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Newport News Now

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Newport News Now is a daily e-newsletter that launched in March 2016. Articles that ran in our newsletter between March 2016 and March 2018 are available on these pages. Newsletters produced beginning in April 2018 can be viewed on our new daily newsletter page.

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Mar 08

Women’s History Series- Carrie Riggins Brown

Posted on March 8, 2017 at 8:56 AM by Communications Department

Carrie Riggins Brown spent her life in service to others. Born September 13, 1912 in Vienna, Georgia, she came to Hampton in 1932 to attend Hampton Institute (now Hampton University), where she received her bachelor’s and master’s degrees. She’d go on to teach in Newport News where she would live for 61 years. During her 41-year career, she taught at John Marshall, Booker T. Washington, and Saunders elementary.

She was a dedicated, visionary educator, a community activist extraordinaire, and a philanthropist who used her resources for the uplifting of people. She was a member of local, state, and national education associations and held offices at each level. She served as president of the Newport News Teachers’ Association and editor of the Newport News Teachers’ Quarterly. She was a life member of the National Education Association (NEA) and in 1963 became the first African American to be elected to its board. She also served on the NEA’s first Planning Committee on Faculty Desegregation. After her retirement in 1977, she became affiliated with the Retired Teachers’ Association and its tutorial services. The Newport News City Council appointed her to numerous boards, including: the Library Board of Trustees, the Historical Committee, the Arts Commission, the Clean Community Commission, the Public Schools Planning Council, and the Parks & Recreation Community Liaison.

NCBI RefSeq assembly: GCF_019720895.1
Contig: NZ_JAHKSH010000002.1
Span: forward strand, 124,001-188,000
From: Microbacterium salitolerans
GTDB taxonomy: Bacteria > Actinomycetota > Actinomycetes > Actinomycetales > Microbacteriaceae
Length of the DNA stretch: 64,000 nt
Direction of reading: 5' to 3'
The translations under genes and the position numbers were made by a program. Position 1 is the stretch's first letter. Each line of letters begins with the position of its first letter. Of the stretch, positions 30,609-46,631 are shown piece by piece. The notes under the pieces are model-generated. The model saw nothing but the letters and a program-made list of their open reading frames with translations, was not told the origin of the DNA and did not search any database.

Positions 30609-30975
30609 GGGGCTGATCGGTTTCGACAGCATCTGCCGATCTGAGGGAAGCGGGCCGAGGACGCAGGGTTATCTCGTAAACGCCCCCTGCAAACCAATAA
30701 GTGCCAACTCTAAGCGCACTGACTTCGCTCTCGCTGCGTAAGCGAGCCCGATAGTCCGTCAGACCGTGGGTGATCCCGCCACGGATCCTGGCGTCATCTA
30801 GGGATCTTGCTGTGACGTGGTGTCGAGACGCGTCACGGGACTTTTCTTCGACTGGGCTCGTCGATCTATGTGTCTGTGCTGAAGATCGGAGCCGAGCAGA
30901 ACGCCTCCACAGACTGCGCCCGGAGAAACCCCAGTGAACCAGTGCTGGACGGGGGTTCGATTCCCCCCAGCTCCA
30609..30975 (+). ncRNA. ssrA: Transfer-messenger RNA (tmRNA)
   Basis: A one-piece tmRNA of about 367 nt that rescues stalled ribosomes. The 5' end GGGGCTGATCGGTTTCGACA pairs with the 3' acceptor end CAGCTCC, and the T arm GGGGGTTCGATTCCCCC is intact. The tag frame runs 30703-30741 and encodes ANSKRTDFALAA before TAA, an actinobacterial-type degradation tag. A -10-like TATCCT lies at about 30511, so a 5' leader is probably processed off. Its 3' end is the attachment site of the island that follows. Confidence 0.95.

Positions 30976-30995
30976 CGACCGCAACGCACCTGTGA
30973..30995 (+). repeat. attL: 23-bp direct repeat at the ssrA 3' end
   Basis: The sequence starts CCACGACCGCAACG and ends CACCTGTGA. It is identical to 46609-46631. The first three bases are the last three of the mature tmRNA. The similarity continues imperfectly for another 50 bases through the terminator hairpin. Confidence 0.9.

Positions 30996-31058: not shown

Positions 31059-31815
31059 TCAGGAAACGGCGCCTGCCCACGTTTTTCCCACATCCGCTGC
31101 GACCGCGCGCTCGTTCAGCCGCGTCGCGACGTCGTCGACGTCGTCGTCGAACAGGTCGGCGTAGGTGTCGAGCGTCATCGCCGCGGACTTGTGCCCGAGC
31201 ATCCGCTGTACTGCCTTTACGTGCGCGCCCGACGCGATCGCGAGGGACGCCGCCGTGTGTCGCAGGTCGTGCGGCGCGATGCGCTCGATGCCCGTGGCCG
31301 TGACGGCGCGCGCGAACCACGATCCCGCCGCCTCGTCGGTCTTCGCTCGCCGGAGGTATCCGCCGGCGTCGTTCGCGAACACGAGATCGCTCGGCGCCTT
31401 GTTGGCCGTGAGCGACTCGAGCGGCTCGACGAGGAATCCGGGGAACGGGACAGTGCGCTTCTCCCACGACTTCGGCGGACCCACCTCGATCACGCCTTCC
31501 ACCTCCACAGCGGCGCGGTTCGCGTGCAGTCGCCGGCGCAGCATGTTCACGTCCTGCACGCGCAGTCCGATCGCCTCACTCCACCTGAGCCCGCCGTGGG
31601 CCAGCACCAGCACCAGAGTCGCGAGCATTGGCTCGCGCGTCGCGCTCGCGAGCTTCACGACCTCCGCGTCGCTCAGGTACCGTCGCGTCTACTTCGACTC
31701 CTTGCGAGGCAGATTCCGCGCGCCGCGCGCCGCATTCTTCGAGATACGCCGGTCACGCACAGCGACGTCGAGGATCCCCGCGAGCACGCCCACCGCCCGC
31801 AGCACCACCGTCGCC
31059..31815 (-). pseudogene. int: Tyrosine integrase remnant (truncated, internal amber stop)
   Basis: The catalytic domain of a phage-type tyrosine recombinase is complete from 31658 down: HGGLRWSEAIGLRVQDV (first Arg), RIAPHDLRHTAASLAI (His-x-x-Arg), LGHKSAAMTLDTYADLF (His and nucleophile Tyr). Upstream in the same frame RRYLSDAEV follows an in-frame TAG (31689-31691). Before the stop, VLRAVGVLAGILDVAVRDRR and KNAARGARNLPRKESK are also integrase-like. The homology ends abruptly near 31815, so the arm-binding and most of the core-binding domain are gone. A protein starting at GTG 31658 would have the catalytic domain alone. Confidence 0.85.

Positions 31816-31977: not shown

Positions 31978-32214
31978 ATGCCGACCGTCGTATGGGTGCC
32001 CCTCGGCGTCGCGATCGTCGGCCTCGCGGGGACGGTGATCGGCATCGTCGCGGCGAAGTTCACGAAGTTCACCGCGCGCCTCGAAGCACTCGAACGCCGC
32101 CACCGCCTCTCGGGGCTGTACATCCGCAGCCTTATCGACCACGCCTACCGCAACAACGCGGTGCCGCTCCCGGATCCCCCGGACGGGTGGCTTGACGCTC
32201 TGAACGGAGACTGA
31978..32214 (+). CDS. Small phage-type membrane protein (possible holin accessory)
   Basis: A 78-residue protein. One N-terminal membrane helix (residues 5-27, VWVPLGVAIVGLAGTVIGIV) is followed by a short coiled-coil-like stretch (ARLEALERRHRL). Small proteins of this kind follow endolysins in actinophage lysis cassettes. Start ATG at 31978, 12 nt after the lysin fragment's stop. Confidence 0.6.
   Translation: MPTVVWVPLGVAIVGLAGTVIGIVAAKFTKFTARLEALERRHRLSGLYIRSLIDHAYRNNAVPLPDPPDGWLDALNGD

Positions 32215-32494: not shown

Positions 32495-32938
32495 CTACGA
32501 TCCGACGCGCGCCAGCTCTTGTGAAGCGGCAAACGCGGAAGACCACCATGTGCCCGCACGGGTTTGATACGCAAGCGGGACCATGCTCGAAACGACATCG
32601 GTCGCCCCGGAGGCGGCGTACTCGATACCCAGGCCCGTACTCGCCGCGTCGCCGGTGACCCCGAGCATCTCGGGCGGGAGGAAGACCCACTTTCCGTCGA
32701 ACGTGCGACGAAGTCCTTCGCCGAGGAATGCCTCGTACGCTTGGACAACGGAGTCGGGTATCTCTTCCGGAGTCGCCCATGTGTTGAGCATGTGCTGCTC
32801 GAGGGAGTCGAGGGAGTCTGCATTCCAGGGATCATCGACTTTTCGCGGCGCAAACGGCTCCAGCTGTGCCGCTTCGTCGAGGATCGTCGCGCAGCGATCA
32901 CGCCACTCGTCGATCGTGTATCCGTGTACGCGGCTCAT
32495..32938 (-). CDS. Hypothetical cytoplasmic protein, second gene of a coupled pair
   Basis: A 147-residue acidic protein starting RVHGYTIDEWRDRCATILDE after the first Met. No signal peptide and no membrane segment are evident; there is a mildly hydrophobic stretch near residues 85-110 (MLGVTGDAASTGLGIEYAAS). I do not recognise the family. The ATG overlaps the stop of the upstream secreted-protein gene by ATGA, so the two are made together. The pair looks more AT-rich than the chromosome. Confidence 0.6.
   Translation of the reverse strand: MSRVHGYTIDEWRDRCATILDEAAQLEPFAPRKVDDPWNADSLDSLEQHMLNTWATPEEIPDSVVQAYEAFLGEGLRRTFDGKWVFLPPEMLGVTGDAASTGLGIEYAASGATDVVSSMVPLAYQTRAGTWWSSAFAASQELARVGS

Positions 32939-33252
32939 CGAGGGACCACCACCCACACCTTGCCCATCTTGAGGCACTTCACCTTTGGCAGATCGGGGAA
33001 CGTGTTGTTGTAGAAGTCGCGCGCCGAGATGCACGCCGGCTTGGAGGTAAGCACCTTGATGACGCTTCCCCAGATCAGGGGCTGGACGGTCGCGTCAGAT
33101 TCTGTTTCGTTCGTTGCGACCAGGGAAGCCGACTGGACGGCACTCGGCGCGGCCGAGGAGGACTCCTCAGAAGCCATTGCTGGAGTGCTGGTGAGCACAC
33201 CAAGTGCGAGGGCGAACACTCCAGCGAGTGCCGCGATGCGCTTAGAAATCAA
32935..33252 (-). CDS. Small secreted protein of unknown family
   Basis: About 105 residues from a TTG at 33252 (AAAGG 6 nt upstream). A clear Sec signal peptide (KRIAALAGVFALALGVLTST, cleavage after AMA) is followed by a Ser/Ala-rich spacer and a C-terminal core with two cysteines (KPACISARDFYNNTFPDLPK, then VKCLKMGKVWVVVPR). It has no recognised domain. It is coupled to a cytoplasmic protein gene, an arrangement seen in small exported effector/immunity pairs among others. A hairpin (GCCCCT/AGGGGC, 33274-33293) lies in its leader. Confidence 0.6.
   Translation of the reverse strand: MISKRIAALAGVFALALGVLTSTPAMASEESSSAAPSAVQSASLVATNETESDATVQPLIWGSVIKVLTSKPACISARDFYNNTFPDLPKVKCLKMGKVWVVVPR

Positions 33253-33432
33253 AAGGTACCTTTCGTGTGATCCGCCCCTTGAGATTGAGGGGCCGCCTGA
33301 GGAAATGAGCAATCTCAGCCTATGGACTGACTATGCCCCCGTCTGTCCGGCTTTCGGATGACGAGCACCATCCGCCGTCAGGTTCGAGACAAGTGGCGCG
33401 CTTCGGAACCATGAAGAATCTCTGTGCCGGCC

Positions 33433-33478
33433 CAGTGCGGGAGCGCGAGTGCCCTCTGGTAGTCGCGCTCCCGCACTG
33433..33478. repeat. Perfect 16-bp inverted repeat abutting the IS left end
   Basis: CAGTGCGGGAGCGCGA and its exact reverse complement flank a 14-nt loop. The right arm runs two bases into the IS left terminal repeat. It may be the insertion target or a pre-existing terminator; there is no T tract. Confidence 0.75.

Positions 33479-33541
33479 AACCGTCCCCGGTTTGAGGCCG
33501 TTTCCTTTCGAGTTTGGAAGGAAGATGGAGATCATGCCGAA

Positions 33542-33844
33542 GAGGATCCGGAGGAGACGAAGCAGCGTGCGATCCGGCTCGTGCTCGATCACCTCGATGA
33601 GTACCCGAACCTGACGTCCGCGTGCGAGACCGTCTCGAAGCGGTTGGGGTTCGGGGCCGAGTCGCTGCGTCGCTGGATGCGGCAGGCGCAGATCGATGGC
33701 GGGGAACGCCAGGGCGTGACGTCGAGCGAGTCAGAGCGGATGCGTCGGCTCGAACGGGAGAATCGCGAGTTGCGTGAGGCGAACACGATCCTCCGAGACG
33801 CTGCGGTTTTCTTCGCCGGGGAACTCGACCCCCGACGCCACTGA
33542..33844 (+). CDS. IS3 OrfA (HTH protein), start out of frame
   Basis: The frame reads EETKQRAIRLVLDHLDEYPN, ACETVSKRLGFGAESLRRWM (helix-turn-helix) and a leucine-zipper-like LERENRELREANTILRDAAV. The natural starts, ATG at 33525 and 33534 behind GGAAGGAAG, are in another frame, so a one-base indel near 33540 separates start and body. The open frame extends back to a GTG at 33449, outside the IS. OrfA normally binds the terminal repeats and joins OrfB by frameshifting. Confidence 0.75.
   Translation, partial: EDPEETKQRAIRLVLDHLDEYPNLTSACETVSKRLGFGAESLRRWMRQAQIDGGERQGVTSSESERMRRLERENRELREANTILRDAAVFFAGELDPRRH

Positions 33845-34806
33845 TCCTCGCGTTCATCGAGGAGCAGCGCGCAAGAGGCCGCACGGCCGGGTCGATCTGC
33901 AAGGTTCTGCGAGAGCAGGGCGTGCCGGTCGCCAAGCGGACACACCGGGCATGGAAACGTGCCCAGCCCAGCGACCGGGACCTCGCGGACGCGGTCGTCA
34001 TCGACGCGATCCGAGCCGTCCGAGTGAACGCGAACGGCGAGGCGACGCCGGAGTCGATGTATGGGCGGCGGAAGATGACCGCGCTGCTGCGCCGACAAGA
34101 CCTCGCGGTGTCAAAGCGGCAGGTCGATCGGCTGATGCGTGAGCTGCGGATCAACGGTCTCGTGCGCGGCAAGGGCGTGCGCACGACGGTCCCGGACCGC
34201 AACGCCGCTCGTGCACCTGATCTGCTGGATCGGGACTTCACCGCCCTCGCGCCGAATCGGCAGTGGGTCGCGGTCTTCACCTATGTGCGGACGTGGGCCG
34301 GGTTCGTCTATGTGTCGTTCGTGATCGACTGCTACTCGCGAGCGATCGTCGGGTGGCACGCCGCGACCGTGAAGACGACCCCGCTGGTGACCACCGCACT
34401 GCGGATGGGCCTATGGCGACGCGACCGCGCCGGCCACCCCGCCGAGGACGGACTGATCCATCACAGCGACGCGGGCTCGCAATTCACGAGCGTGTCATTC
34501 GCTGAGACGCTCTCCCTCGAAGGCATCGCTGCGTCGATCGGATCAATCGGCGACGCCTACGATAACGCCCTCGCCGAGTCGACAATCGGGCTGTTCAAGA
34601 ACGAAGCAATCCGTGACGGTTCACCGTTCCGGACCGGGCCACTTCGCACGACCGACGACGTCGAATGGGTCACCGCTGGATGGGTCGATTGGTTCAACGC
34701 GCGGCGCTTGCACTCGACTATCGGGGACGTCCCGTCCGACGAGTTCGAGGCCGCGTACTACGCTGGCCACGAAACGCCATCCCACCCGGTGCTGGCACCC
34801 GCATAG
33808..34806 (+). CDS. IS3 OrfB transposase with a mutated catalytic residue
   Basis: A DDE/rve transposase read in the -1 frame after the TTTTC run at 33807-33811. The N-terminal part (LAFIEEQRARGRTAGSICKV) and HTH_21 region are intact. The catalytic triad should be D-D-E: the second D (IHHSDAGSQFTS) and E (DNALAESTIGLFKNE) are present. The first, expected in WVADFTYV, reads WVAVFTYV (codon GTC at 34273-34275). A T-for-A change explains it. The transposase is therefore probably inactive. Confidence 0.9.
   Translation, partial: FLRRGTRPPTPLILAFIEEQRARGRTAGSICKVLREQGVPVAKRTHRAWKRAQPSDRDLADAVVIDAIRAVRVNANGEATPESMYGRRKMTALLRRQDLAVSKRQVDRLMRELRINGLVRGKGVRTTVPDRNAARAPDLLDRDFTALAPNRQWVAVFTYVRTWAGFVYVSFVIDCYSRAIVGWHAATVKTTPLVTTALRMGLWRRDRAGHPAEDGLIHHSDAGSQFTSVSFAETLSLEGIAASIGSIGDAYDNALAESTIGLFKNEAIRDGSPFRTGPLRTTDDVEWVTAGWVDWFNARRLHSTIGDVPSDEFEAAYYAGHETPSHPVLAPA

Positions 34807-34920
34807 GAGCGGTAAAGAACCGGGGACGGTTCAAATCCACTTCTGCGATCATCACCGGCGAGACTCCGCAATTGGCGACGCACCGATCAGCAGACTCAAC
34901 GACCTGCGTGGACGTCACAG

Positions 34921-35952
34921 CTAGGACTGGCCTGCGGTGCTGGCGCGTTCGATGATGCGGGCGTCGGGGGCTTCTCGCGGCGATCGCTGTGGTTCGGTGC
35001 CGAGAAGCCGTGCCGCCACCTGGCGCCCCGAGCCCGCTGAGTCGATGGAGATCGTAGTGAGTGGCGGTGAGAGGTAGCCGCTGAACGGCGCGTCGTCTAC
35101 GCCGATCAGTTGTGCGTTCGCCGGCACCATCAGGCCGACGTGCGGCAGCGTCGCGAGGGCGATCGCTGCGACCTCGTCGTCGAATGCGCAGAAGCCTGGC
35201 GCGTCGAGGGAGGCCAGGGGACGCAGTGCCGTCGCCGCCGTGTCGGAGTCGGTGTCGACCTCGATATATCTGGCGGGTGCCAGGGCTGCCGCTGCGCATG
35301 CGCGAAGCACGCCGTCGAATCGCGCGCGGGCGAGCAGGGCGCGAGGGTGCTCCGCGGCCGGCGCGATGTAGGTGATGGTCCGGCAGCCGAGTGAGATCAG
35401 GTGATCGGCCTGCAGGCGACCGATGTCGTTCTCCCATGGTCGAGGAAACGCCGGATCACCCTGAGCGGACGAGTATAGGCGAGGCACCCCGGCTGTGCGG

In 1977, Brown and her husband organized Newsome House, Inc. It was their fervent wish to pay tribute to the life and accomplishments of attorney J. Thomas Newsome by having his home preserved as a museum. She served as foundation president from 1978-97, purchased the house from the Newsome heir, and lobbied the City of Newport News to restore it. Under the auspices of the Newport News Historical Committee the project was launched in the late 1980s and in 1991 The Newsome House Museum & Cultural CencBrownHome_SCter was complete. Brown was on hand to make remarks to a crowd of over 3,000 persons. In her last will and testament, Brown made provisions for the museum by bestowing her entire estate to the administration of the foundation’s board of directors. Her home was left to be used as an educational center and on June 12, 2002, the Cornelius & Carrie R. Brown Educational Center was dedicated.

Photo courtesy of: Douglas W. Reynolds, Jr.